The Northern External Waters post-Brexit

The north Atlantic, and in particular the waters referred to as the EU's Northern External Waters, has a plentiful stock of cod and haddock supplying the UK’s fish & chip shops.

  1. The UK imports most of the fish it eats and exports most of what it catches;

  2. Cod and haddock are UK consumers' favourite fish;

  3. These fish are found in large quantities in the ‘Northern External Waters’, a term used by the European Union to describe the waters to the north of UK waters;

  4. To provide British fish for our fish & chip shops, the Kirkella needs access to quotas from Norway, Svalbard, the Faroe Islands, Greenland and NAFO (Northwest Atlantic Fisheries Organization);

  5. If these quotas are unavailable, the UK will have to import even more of its cod and haddock from Norway and elsewhere. In 2021 the UK distant water fleet had reduced quotas and Norwegian imports increased. Norwegian data indicates that exports of frozen cod fillets to the UK increased by between 35% and 44% in 2021, reflecting the reduction in UK fishing quotas.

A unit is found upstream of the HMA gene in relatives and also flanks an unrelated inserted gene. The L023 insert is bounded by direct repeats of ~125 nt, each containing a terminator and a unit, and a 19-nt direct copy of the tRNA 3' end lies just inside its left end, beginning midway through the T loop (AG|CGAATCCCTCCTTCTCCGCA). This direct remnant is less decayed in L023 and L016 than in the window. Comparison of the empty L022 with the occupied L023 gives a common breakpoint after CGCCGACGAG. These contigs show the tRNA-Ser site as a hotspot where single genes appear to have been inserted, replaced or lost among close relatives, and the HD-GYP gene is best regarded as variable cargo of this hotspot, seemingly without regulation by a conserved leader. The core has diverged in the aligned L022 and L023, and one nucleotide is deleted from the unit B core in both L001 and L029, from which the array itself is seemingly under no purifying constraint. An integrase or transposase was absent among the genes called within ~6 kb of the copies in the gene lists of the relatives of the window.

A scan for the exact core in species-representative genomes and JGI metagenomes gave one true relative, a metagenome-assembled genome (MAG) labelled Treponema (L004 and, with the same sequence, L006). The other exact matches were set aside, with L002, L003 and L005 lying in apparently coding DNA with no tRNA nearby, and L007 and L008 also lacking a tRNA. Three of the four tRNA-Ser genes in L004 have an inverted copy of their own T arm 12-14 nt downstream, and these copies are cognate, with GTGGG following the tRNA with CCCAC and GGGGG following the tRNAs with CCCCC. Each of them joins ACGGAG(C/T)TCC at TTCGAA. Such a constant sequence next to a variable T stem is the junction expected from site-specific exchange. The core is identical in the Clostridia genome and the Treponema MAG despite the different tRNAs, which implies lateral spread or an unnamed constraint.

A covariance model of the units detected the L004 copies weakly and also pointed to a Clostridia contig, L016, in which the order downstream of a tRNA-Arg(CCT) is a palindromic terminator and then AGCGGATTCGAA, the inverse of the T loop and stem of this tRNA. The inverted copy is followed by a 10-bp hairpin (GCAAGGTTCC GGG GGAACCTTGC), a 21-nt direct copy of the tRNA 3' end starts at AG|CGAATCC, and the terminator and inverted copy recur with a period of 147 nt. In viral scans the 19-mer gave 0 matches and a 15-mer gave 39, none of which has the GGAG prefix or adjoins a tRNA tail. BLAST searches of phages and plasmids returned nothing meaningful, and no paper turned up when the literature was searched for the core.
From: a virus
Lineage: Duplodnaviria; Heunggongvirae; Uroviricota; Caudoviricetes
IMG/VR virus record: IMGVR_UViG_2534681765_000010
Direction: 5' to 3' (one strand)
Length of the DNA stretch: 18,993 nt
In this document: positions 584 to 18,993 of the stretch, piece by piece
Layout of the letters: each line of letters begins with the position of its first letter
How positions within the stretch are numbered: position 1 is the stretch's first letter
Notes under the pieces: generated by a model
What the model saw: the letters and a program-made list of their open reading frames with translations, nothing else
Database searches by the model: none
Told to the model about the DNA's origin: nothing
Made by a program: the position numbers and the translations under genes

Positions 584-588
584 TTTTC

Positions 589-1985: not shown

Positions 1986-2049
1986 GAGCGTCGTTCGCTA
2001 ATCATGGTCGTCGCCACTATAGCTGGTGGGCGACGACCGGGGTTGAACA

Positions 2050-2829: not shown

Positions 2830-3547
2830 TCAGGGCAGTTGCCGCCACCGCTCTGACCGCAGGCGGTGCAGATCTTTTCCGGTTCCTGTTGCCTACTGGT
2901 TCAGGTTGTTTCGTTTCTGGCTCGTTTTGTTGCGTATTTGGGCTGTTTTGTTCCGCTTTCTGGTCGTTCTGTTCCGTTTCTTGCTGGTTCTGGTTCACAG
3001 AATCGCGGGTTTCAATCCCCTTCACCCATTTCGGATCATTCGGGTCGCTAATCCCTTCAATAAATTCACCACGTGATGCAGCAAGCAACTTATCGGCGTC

6. For 2022, the UK has been allocated only 500 tonnes of cod in Norwegian waters and 6,500 tonnes in the waters around Svalbard. The UK has lost fishing opportunities in NAFO (Northwest Atlantic Fisheries Organization) and has no quotas in Greenland. Therefore the total available cod quota in distant waters for 2022 is 7,000 tonnes, compared with a total of 19,500 tonnes in 2018.

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